Uses of financial ratios are essential for an organization. Many ratios can be derived from the books of account to extract valuable information about the company’s financial performance. Below are the five major financial ratios and their uses for an organization.
Uses of Financial Ratios
A. Profitability Ratios
A profitability ratio shows an organization’s capacity to utilize its assets and shareholders’ equity to raise revenue from sales proceeds. Below are some profitability ratios and their importance:
1. Return on Capital Employed shows the profits a company raises using debt and equity financing.
2. Earnings per Share show the amount of money a company distributes to the investors who have bought shares.
3. Price-Earnings Ratio shows the amount of money investors are willing to pay for a company’s stock relative to past and future expected earning trade-offs.
4. Return on Equity shows how well a company raises its revenue using shareholders’ equity compared to its competitors in the industry.
5. Dividend per Share is a snapshot of the annual dividend remittable for each outstanding ordinary share relative to the market value.
6. Return on Assets shows the amount of profits that a company makes from the utilization of its assets.
7. Gross Profit Margin is a measure of a company’s future expected net income based on the gross profit margin’s strength or weakness.
8. Net Profit Margin helps investors assess a company’s capacity to raise enough revenue after accounting for expenses and its ability to contain business costs.
B. Liquidity Ratios
The liquidity ratio of a company is a measure of the capacity to pay off its current liabilities without necessarily struggling to meet all its due short-term obligations.
1. The Current Ratio shows the efficiency of a company using its current liabilities to meet its current liabilities as they fall due.
2. The Cash Ratio shows whether the cash equivalents and cash available in the organization are available to meet the short-term debt obligations that fall due.
3. Quick Ratio shows the strength of a company to settle its current obligations without the need for finances obtained from sales proceeds of inventory.
C. Debt / Leverage Ratios
These ratios are used to compare a company’s assets and equity with its debt and liabilities. The importance of these ratios depends on the ratio itself as follows:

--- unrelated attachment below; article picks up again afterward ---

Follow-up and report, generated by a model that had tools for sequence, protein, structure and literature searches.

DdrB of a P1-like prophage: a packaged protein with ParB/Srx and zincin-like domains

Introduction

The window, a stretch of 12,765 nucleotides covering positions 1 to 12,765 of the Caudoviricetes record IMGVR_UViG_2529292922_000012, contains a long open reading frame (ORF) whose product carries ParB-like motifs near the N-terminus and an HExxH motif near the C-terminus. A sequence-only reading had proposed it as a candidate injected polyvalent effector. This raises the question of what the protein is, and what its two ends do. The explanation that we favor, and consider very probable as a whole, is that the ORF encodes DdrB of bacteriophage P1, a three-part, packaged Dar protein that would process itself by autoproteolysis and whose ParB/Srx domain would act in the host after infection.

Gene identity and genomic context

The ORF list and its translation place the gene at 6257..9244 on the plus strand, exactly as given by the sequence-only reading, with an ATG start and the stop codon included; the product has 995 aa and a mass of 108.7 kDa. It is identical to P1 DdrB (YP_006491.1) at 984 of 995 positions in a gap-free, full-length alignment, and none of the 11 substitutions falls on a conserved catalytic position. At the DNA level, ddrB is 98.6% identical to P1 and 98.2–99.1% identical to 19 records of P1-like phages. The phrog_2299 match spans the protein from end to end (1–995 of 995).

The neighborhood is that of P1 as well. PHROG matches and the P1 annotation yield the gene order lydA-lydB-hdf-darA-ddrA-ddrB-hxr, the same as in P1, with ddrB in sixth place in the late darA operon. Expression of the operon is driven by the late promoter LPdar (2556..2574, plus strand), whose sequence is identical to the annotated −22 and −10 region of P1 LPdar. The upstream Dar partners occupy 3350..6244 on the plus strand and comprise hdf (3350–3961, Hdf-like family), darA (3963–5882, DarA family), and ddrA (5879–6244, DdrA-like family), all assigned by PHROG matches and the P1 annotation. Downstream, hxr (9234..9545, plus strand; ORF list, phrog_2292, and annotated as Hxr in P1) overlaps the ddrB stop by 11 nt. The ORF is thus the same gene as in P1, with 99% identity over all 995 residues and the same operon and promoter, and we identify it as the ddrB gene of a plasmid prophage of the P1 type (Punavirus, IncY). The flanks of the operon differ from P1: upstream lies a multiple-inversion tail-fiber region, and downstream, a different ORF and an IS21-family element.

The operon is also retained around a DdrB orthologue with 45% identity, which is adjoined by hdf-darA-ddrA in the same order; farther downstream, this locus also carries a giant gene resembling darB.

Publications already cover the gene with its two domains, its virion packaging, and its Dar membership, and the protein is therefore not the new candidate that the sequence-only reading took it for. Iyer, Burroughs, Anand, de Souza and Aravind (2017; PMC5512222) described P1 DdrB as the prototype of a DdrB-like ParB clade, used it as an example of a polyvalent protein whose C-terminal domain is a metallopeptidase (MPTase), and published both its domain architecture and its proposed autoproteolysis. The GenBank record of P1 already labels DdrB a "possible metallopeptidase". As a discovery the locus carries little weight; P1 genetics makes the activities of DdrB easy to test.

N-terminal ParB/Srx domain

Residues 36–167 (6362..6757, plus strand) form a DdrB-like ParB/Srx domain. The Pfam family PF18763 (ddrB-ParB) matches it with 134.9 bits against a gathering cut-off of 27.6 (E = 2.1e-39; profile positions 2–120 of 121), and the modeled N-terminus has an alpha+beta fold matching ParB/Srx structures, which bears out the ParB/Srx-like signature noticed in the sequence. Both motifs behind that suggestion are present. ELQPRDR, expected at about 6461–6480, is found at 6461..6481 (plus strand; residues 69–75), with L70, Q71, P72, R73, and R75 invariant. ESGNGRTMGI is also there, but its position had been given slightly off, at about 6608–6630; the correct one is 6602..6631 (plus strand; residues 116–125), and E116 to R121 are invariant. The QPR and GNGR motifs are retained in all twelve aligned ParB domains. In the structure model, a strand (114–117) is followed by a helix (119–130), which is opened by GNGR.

1. The Debt to Equity Ratio shows a company’s leverage degree. In terms of per dollar, it assesses the leverage of a company seeking loan financing. A higher debt ratio implies a company is more leverage and at higher risk of defaulting payments.
2. The Debt to Assets Ratio shows the amount of company assets relative to its liabilities to assess if a company’s assets are enough to meet the monetary needs of investors or creditors.
3. The Debt to Capital Ratio is used to measure the degree of leverage of a company by comparing the total capital raised by the shareholders or the owners and comparing this total capital with the company’s debt obligation.
D. Activity Ratios
1. The Accounts Receivables Turnover Ratio assesses the company’s efficiency in claiming back the sum given as credit by considering the time a company takes to recover such debts.
2. The Assets Turnover Ratio measures the efficiency of a company in raising revenue from sales proceeds using its average total assets.
3. The Working Capital Ratio shows the efficiency of a company in using its current liabilities to meet its current liabilities as they fall due. This ratio is also called the current ratio.
4. The Inventory Turnover Ratio shows the frequency the company sells its inventory and replaces the sold inventory with new inventory. This helps to understand if a company is understocking or overstocking its inventory.
5. Fixed Assets Turnover Ratio shows a company’s frequency of sales revenue generation using its fixed assets.
6. Days Payable Outstanding shows the average time in days taken by a company to repay its creditors.
E. Market Ratios
1. Price to Earnings Ratio shows the amount that investors must pay for each share they buy and the earnings attributed to per share bought.
2. Price to Book Value Ratio shows how the market value of publicly traded shares of a company compares with the book value of the same shares.